The overall sustainability and health of agricultural sector is dependent on our producers and their mental wellness. As many challenges faced within the sector cannot be controlled or eliminated, stress, anxiety, social isolation and burnout can be inevitable. According to a national study conducted by the University of Guelph, 45% of producers have high stress and 58% of producers met the requirements for anxiety. We, at Beef Farmers of Ontario (BFO), want you to know you are not alone and that there are accessible resources available to help you or someone you might know who is struggling. We want to help start the conversation surrounding mental health because our producers’ well-being is important to us. Below we have listed various resources and supports that aim to build resiliency skills, improve stress management strategies, start the mental health conversation and locate necessary services.
If you or someone you know is in urgent distress, please dial 9-1-1 or visit your local emergency department.
Check out the Do More Ag/FCC Video.
Mental health is a very complex and dynamic topic. Your optimal mental health is located on a spectrum between mental wellness and mental illness. However, many aspects of your life can affect where you sit on the spectrum. Public Health Ontario has created the resource below to help Ontarians understand how critically important mental health is.
Understanding personal mental health can be quite difficult, making it challenging to fully know which supports might be the best fit for you. To assist with this, the Canadian Mental Health Association has created two tools: the Mental Health Meter and the Stress Index. In addition, the Mood Disorders Association of Ontario has developed “Check Up from the Neck Up,” a tool designed to help you identify and understand the significance of the mental health symptoms you are experiencing.
Farming poses its own set of significant stressors which may vary from operation to operation. The Canadian Agriculture Safety Association (CASA) has developed a tool, unique to producers, to help inventory the number, type and severity of on-farm stressors.
In response to your Farm Stress Inventory score, you can complete the Farm Stress Management Plan also created by CASA. This plan will help you to identify the barriers to overcoming your stressors, possible stress relief strategies, applicable resources and supports, as well as the events that may lead up to a stressor.
In addition to the Stress Management Plan, the Agricultural Health and Safety Network has created Daily Chore: Handling Stress on the Farm. By using this comprehensive tool, you will learn about the physiological, emotional and behavioural symptoms associated with stress; the farm-related stressors; and the coping methods to aid in reducing stress.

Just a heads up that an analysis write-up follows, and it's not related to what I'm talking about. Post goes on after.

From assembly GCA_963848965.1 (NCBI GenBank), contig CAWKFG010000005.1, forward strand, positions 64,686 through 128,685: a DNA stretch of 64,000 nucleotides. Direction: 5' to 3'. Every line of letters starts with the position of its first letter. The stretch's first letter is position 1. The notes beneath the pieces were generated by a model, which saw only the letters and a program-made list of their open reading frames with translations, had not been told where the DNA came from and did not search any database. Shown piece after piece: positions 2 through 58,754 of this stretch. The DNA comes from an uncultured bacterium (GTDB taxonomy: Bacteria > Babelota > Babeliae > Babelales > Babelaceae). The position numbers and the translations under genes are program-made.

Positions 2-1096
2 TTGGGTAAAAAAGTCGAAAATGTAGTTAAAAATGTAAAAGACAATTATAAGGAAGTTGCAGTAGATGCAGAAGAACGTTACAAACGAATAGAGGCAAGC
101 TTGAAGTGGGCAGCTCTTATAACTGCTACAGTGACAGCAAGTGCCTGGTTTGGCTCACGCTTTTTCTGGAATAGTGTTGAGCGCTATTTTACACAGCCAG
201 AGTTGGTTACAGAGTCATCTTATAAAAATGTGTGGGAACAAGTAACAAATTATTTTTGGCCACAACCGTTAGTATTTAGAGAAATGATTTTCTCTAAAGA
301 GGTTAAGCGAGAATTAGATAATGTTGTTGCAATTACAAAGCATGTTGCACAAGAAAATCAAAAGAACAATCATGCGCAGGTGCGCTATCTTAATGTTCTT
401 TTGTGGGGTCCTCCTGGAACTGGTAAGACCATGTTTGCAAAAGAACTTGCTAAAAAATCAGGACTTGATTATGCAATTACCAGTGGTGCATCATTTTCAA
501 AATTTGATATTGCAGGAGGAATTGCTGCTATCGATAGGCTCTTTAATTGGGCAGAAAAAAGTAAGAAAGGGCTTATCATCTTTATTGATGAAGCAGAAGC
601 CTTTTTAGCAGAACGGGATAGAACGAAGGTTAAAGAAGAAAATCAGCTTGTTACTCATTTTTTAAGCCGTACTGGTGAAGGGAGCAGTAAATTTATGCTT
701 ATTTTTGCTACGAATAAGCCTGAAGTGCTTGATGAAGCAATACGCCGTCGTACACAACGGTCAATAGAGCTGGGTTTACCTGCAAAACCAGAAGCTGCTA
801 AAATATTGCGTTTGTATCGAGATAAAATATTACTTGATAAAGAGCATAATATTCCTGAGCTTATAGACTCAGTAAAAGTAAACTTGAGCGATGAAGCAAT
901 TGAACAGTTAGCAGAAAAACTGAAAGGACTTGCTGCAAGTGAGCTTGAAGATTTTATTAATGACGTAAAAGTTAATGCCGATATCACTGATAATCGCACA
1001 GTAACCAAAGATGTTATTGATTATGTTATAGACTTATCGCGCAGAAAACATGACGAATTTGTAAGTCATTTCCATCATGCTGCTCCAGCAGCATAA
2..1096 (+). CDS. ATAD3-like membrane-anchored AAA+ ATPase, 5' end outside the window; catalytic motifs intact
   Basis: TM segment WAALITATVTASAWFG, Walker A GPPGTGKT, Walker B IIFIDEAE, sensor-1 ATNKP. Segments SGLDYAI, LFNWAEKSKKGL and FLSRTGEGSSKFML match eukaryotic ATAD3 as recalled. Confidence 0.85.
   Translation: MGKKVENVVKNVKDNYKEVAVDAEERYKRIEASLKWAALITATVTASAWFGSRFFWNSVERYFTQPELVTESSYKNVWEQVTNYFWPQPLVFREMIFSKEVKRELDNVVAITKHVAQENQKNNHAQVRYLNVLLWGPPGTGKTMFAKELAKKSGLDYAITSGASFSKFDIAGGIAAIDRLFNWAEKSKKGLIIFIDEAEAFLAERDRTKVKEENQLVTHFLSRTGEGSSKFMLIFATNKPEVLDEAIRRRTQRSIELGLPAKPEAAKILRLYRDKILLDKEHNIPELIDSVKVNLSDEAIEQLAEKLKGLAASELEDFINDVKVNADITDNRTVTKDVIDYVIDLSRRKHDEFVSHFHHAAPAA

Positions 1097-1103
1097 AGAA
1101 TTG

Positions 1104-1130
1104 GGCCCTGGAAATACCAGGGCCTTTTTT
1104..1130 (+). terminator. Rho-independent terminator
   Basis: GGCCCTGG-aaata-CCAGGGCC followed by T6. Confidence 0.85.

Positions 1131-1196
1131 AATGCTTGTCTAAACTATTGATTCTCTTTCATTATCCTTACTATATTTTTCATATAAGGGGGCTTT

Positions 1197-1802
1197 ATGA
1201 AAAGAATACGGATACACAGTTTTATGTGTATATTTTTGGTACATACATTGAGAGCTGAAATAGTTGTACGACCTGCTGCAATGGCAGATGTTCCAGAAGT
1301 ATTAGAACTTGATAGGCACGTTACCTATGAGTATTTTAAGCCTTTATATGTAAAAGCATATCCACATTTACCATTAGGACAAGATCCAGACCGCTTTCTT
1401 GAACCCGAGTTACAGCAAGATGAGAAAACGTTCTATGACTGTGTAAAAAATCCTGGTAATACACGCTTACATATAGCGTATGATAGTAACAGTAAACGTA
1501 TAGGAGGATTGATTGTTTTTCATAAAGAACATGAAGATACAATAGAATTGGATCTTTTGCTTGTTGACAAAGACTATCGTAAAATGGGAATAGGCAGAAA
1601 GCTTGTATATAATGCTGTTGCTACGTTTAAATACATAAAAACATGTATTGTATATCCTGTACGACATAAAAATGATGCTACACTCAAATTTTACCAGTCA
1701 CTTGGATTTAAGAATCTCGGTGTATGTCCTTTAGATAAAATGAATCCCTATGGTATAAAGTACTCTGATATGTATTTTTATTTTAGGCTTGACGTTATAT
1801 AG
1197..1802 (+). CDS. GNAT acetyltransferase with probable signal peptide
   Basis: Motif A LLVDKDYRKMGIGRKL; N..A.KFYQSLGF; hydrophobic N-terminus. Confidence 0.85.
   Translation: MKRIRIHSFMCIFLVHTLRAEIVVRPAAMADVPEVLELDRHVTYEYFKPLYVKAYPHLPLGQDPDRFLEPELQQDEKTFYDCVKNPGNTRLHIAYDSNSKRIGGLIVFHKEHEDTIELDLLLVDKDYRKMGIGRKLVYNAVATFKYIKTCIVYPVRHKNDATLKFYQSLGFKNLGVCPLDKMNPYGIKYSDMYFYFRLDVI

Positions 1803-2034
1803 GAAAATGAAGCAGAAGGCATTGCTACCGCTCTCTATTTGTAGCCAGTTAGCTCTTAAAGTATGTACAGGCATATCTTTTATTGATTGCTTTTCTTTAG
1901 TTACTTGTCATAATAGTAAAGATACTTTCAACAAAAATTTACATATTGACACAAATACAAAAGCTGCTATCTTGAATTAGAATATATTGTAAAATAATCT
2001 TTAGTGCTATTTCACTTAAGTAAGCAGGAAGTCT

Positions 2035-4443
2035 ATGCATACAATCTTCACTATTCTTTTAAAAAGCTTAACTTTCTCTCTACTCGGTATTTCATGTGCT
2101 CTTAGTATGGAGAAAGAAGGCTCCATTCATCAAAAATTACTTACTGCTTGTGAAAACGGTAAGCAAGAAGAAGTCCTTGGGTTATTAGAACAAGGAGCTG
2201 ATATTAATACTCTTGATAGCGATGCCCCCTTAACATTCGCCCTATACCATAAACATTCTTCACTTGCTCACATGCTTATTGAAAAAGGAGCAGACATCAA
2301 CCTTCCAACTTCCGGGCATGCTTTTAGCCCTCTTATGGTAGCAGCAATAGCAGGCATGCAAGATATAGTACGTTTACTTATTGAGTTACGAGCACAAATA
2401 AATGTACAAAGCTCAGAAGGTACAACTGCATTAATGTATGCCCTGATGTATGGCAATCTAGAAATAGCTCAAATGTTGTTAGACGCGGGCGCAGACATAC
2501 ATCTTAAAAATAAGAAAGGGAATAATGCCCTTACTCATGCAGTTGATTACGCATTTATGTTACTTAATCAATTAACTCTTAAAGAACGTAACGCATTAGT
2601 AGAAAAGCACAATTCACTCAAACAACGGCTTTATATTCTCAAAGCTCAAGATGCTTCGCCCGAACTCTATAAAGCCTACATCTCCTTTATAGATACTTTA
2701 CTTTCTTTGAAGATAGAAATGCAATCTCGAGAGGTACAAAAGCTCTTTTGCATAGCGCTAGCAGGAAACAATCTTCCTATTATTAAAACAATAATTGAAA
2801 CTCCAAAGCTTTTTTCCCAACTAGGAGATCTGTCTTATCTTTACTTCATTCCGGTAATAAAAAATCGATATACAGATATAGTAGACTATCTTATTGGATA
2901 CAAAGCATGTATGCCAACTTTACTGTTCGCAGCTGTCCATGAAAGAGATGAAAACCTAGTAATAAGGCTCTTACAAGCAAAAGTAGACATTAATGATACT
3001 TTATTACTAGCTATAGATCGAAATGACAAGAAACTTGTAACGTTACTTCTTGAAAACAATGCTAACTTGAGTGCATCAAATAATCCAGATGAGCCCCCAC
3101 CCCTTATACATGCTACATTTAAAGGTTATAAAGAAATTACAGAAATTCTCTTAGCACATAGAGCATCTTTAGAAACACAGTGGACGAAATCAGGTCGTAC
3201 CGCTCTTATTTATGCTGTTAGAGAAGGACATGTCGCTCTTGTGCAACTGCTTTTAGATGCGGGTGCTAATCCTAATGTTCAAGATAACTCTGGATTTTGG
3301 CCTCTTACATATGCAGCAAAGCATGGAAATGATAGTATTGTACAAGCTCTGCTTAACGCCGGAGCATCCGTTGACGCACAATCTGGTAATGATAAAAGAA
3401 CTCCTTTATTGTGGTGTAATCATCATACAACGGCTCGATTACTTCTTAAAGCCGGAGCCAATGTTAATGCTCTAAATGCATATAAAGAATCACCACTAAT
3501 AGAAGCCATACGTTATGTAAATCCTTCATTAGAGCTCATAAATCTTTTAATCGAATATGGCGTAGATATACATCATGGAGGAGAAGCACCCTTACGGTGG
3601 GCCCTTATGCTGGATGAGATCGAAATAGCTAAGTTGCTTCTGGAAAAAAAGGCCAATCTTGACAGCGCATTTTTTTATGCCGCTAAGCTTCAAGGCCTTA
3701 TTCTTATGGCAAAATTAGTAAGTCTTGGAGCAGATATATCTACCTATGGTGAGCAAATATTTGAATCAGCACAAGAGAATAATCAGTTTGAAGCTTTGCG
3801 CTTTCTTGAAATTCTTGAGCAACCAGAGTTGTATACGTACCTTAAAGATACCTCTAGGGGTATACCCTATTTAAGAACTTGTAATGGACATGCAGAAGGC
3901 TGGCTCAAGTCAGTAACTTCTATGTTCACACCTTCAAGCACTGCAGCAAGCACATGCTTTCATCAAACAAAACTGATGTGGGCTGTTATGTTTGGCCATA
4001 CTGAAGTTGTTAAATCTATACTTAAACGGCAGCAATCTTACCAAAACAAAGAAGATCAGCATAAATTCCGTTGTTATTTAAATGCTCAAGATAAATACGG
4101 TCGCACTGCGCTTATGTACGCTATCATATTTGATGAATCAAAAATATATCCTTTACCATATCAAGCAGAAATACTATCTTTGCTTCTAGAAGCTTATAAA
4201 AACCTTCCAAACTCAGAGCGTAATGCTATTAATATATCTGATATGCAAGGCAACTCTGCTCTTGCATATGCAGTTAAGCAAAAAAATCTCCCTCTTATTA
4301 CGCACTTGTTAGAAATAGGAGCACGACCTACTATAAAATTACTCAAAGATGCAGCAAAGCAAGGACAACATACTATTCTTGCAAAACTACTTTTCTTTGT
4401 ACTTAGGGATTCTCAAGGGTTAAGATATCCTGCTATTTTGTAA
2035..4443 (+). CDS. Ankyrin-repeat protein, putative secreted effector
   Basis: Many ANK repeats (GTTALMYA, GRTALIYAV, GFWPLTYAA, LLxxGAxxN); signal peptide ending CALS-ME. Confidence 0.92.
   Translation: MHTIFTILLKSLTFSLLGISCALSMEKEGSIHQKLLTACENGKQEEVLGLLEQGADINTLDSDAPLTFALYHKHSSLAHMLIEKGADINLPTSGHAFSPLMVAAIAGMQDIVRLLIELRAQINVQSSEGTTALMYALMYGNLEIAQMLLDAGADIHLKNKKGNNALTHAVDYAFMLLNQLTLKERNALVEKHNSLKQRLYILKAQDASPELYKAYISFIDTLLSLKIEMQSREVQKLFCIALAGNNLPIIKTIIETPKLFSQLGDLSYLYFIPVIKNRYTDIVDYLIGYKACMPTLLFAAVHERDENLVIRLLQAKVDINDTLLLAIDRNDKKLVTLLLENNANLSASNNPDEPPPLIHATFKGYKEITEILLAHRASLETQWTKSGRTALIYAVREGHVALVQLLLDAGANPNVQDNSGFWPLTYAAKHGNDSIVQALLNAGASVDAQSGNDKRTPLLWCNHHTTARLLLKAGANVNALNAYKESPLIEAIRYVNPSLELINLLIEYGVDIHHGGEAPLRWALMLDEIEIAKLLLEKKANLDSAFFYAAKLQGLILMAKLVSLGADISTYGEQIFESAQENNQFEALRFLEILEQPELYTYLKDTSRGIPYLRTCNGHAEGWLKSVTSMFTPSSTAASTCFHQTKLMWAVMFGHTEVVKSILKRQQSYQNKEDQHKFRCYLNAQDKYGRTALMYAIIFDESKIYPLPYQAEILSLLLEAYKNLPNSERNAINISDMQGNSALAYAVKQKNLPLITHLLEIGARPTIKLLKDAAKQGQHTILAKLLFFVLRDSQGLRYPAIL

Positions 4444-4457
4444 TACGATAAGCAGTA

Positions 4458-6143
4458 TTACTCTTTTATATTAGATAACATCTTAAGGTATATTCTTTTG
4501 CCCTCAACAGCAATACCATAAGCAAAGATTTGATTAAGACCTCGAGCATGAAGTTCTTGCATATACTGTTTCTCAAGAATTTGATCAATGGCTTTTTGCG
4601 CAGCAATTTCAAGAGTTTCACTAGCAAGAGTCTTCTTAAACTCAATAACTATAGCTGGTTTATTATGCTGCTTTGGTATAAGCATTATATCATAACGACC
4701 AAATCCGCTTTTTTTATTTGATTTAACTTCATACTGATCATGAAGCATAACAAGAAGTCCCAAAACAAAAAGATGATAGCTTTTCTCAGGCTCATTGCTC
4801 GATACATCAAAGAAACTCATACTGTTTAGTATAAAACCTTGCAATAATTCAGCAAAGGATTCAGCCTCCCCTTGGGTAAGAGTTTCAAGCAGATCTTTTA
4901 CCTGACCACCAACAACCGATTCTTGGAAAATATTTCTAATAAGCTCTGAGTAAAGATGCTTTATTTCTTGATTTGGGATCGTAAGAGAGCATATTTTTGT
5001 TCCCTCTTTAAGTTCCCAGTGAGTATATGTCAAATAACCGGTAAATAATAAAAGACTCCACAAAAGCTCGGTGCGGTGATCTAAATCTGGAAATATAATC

After assembling your stress management plan, its best to talk to someone. Having a conversation with a family member, friend or health professional will help lift some of that weight off of your shoulders. It is okay to express how you are feeling and discuss how it impacts your daily activities. If you would like to talk to someone about finding mental health supports and programs in your community, please call ConnexOntario, a free 24/7 confidential service.
Visit the ConnexOntario website or download the ConnexGo app from the Apple App Store or Google Play.
We understand it can be extremely difficult to ask for help. If you need a safe and judgement free space to talk, please call Crisis Services Canada. Not only are Crisis responders there to listen, but they are trained to keep you safe and supported. Crisis responders are available 24/7, 365 days per year to support those experiencing suicidal thoughts, the loss of a loved one, or concerns for a family member or friend with suicidal thoughts. Connecting with someone during thoughts of suicide can be life-saving.
If you would like to have a supported and confidential face-to-face conversation, please visit your nearest Distress Centre. Distress Centres are located across Ontario, offering a safe space for open conversations about your mental health. Distress Centres also provide support services for youth, suicide survivor programs, telephone check-in calls and mental health crisis lines. To navigate the Distress Centre nearest to you, please click HERE.
Mental health comes in all shapes and sizes, affecting everyone differently. However, when urgent distress arises, its best to be prepared. Through the Do More Agriculture Foundation and Farm Credit Canada, communities can offer a Mental Health First Aid certification course at no cost. The two-day course will equip the audience with tools necessary to support an individual during a time of urgent distress or a worsening mental health concern.
The entire agricultural sector shares the concern of making producer mental health and well-being a priority. Please see the links below to refer to resources and supports offered by other agricultural organizations and associations.
Your health and well-being can fluctuate from time to time, but it is important to always make sure it is a priority. If you want to continue your learning about mental health, please visit the links below.
The information provided above is general and should not be a substitute for professional advice. Concerns about mental illness should be discussed with a medical doctor or mental health professional. BFO has compiled the resources listed above from various sources. BFO does not own the rights to any of the resources listed above.